It has been said that one should never trust a person without a sense of humor.
Types of humor vary, of course. I can't watch Casablanca, for example, without laughing. Family Guy, however, no longer brings out more than the occasional chuckle. Will Ferrel's work, also, only appeals to me in certain moods.
One of the most time honored forms of humor, of course, is parody. Well done parody is especially effective against those who take themselves too seriously. You may not think the joke is funny, but being outraged and insulted is generally a sign of insecurity. This may be the result of knowing you have a weak argument. Generally, however, it is a result of someone who tales themselves far too seriously.
This condition is especially prevalent in academia. My undergrad work at Canisius in mathematics and history was challenging and fulfilling. In the year I spent at the graduate history department at UB, however, I began to see the rot that academia is going through. The older professors, by and large, had nicely challenging courses. The younger ones, however, were rather aggravating.
They subscribed to a sort of constructivist theory that basically held that there is no objective truth, only what exists in the mind of the historian. I have always had two primary issues with this view. The first is that even if it is impossible to know the truth, or even to know that you know it, it is the height of arrogance to conclude that this means there is no truth. The second, more obvious problem, is that if there is no truth, there can be no purpose behind academic inquiry. You are, therefore, wasting your time as well as taxpayers money and the tuition dollars of your students. The only honest course of action would therefore be to quit.
When you're working in an environment where you have to take these clowns seriously, and have to pretend that those departments with the word "studies" in their title actually represent serious academic work, it tends to drain the humor out of you.
One could also blame self-esteem movement for creating an echo chamber. There has been a rather pernicious theory banded about in the last few decades that self-esteem should be cultivated in children for its own sake. This is not to say that children should be made to feel bad, or their emotions ignored. Rather, however, one could argue that by focusing on self esteem for pedestrian accomplishments, one removes some of the impetus for accomplishing anything.
The results are already beginning to show. Schools have graduation ceremonies for grades that do no merit graduations (i.e. any grade other than 12th, college, or graduate school). Many of my teaching colleagues inform me that among the latest crop of upcoming teachers, many are so accustomed to being given accolades for having a pulse that they are incapable of hard work. People have forgotten that respect is something that needs to be earned.
Perhaps the biggest result, however, is the lack of any intellectual rigor. Many are afraid that challenging children's ideas might make them uncomfortable. Curricula today are designed around students speaking their minds about themselves or what they see around them; they are not focused on actually making sure students have a solid background of knowledge from which to base their analysis.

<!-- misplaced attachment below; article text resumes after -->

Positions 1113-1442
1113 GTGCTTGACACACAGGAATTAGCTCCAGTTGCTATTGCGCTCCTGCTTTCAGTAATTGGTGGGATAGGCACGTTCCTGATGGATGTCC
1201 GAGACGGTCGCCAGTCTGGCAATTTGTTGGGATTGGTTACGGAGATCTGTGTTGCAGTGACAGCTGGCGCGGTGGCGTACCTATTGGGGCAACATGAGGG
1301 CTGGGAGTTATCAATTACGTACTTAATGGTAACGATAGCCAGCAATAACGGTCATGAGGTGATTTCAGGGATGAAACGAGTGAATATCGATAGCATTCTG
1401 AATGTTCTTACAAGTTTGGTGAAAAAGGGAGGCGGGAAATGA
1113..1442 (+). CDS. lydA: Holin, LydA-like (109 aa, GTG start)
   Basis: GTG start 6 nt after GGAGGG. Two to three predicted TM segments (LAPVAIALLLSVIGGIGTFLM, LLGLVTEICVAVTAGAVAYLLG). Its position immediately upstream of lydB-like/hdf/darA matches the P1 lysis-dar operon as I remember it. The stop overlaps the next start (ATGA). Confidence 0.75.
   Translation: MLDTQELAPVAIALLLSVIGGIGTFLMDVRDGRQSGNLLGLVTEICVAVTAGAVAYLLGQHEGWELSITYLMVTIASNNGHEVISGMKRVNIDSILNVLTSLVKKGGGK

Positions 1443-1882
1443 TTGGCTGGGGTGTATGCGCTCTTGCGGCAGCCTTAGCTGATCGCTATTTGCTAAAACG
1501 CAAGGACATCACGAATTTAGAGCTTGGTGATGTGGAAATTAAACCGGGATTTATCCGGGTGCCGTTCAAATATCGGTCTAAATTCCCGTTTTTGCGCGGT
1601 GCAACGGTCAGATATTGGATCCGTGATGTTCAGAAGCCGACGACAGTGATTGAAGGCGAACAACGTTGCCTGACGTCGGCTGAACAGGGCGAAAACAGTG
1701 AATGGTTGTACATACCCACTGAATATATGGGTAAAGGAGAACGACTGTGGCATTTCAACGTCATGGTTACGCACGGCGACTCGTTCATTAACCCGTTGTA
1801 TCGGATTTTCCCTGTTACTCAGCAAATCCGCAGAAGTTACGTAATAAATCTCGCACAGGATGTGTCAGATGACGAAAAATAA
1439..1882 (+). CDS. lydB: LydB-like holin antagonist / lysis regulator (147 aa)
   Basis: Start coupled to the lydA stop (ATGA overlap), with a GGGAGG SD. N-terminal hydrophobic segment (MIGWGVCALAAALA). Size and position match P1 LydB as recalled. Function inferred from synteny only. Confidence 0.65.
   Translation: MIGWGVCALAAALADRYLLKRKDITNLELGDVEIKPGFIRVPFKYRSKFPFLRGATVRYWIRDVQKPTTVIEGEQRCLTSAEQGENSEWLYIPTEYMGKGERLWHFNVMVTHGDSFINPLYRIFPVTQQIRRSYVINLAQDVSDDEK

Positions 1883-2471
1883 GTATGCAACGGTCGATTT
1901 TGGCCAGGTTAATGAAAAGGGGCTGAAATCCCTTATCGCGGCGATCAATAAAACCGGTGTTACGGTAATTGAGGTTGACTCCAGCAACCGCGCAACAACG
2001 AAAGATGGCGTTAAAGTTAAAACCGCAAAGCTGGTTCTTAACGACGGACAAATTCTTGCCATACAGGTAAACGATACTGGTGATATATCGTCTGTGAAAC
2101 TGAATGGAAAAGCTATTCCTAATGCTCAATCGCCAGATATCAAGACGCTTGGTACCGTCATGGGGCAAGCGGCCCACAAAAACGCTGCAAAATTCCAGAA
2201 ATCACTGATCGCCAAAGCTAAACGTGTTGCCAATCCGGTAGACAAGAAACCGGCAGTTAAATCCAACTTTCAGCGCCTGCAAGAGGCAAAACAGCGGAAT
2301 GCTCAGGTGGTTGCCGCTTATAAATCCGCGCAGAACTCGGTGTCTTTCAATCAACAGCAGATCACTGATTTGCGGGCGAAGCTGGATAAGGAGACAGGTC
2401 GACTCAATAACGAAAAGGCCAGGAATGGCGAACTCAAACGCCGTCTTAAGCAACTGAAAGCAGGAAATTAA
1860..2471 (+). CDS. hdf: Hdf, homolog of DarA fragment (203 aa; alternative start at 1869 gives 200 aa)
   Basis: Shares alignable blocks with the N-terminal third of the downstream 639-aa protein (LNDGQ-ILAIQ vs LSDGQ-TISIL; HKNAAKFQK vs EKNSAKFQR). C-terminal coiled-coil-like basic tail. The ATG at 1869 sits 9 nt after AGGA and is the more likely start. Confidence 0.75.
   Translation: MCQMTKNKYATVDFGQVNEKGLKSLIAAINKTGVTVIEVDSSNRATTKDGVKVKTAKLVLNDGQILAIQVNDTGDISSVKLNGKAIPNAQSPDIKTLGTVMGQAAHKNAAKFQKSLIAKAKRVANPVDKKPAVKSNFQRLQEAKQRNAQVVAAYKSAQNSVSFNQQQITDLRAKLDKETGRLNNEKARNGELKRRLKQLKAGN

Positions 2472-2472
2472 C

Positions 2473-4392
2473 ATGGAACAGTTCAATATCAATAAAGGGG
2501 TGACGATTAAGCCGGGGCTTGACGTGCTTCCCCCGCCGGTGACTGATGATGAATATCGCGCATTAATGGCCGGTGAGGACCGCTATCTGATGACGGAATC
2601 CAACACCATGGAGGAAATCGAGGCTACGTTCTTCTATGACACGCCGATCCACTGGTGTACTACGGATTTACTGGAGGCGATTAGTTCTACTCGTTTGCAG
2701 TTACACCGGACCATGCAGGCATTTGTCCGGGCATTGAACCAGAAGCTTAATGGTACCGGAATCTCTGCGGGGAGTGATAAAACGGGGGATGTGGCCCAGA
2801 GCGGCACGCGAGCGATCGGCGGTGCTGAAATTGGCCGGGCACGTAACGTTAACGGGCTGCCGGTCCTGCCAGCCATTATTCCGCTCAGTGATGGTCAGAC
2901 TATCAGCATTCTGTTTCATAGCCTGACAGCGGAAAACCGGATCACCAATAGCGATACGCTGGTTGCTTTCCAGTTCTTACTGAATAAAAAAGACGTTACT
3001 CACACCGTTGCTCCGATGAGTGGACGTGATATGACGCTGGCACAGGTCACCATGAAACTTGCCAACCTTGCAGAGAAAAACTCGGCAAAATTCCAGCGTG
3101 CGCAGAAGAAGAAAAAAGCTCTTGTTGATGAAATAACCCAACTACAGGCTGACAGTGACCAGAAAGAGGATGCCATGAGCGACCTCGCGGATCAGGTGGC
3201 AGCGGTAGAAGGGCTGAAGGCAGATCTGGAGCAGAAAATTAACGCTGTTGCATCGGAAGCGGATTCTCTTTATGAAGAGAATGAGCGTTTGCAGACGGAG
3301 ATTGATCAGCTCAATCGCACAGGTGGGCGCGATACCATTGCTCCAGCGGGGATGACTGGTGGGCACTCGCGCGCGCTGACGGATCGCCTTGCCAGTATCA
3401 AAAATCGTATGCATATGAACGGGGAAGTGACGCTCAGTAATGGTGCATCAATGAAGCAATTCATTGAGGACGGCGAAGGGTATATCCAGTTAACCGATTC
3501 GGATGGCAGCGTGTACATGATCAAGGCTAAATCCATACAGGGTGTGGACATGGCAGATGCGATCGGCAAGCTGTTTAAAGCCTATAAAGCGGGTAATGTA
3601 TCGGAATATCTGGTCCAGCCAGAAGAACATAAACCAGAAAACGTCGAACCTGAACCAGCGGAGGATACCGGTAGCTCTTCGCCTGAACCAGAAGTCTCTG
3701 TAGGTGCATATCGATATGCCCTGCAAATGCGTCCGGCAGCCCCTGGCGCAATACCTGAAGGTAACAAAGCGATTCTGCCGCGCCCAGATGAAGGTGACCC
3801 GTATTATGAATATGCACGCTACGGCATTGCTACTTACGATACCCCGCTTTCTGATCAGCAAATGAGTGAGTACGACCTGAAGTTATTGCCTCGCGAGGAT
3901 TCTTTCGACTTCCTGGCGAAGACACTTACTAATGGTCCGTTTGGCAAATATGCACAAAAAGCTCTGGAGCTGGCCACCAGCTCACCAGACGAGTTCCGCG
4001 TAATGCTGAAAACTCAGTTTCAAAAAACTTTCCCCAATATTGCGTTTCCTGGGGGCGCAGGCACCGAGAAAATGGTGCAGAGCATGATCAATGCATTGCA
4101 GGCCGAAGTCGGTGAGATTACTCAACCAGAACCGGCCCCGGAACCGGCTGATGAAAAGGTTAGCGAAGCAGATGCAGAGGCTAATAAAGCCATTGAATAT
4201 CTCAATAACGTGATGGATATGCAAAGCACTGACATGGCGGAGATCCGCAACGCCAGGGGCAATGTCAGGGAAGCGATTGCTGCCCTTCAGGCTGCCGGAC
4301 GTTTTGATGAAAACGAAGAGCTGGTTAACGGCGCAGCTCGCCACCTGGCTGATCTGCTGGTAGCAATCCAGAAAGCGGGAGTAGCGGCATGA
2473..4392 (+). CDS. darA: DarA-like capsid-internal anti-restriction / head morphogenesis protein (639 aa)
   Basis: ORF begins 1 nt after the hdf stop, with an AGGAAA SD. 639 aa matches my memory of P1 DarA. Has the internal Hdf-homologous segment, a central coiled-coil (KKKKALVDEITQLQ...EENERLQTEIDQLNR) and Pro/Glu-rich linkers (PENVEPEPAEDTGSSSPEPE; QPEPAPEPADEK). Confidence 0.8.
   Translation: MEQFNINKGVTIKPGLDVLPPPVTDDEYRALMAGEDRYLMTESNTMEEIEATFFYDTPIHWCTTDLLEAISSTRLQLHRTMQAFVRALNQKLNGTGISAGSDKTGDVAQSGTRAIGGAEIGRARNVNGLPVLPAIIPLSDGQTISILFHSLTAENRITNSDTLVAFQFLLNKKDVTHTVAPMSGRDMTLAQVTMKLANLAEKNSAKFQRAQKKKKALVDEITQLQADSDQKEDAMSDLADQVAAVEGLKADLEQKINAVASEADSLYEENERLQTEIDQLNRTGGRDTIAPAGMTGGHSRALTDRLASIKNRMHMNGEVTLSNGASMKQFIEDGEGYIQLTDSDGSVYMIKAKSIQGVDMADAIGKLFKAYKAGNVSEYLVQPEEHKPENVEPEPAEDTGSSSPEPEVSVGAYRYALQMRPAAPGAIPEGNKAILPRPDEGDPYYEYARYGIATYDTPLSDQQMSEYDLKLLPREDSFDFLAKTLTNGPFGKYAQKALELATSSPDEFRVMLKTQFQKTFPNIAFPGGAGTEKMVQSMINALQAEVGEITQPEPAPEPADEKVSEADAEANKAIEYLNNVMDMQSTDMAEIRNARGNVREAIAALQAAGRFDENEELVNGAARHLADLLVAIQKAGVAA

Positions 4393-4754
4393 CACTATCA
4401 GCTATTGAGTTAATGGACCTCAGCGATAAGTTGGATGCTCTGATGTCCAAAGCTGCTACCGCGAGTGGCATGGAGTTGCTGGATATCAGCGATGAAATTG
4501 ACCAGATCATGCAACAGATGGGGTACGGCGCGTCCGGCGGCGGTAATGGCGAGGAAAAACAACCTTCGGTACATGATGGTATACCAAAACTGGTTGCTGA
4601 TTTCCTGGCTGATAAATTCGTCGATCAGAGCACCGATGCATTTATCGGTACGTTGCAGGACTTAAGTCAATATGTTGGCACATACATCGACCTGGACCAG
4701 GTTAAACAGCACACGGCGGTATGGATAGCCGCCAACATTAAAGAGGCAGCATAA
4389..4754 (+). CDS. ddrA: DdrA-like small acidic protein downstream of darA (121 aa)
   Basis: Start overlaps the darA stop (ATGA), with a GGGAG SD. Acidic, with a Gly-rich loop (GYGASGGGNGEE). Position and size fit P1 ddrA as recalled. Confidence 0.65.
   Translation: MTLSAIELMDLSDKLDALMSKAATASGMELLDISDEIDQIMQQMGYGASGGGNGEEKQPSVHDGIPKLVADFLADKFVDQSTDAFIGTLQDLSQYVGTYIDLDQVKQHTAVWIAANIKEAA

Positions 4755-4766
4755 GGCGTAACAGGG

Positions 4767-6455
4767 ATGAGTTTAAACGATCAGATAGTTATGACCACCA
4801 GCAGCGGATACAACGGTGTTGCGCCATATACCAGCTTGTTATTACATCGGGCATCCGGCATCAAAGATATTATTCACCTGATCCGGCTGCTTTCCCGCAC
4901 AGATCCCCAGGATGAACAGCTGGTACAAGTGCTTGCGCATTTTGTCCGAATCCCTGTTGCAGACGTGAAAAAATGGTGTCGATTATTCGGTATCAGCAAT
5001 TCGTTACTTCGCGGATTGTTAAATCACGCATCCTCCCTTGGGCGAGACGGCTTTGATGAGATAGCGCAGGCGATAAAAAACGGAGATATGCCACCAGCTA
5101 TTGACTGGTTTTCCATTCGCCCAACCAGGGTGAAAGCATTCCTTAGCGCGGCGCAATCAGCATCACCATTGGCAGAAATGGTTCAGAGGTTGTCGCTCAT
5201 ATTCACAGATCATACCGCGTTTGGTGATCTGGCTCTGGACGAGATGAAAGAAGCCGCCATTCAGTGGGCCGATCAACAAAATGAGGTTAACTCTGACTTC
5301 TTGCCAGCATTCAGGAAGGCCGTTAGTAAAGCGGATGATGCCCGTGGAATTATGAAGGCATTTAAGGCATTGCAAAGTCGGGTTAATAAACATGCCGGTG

As veteran teacher Fred Stine says:Our schools are not producing enough real self-esteem based on genuine achievement measured by a respected, educated adult. Instead, the facilitator system generates phony, Hollywood self-esteem — a cocky, anti-intellectual sense of entitlement that shouts, “Facts and information be damned. My opinion is as valuable as any facilitator’s." *
Years of such intellectual sloth lead to nearly an entire generation of people who have never had their core beliefs challenged, and have never had to defend themselves. They live in an echo chamber in which no one would dare challenge their beliefs. As a result, they become very sensitive.
It is this sort of sensitivity which is at the heart of the parody issue. All this has come to my mind after reading this brilliant, yet scary article
by Harvey Silvergate, chairman**
of the board of the Foundation for Individual Rights in Education
(FIRE). It lists a number of cases which followers of the free speech wars in academia will find all too familiar.
The gist of the article is that there are many habitually offended people in academia who believe that they have a right to not be offended. Several institutions, including the formerly great Harvard University, have essentially taken the stance that verbal offense is the equivalent of physical violence. The result is that the habitually offended can shut down anyone they disagree with simply by claiming that it offended them.
I will not rehash my arguments about free speech and American exceptionalism
. Suffice it to say, I have pretty much lost all patience with the perpetually offended. If you can't bear someone mocking you or your beliefs, then you have no business in any intellectual discourse. Academic or political work both require hard work and endurance. They require you to think about what you believe and why you believe it.
I believe Q, speaking to Picard after their first encounter with the Borg, put it best
"If you can't take a little bloody nose, maybe you ought to go back home and crawl under your bed. It's not safe out here. It's wondrous, with treasures to satiate desires, both subtle and gross, but it's not for the timid."
Here on Earth, where we have real dangers, there are a significant number of people in academia and elsewhere who get their collective tassels in a twist due to cartoons and pamphlets. And they want us to treat them with respect as intellectuals?
*Hat tip: Core Knowledge Blog
. A "chair" is a piece of furniture.[Back]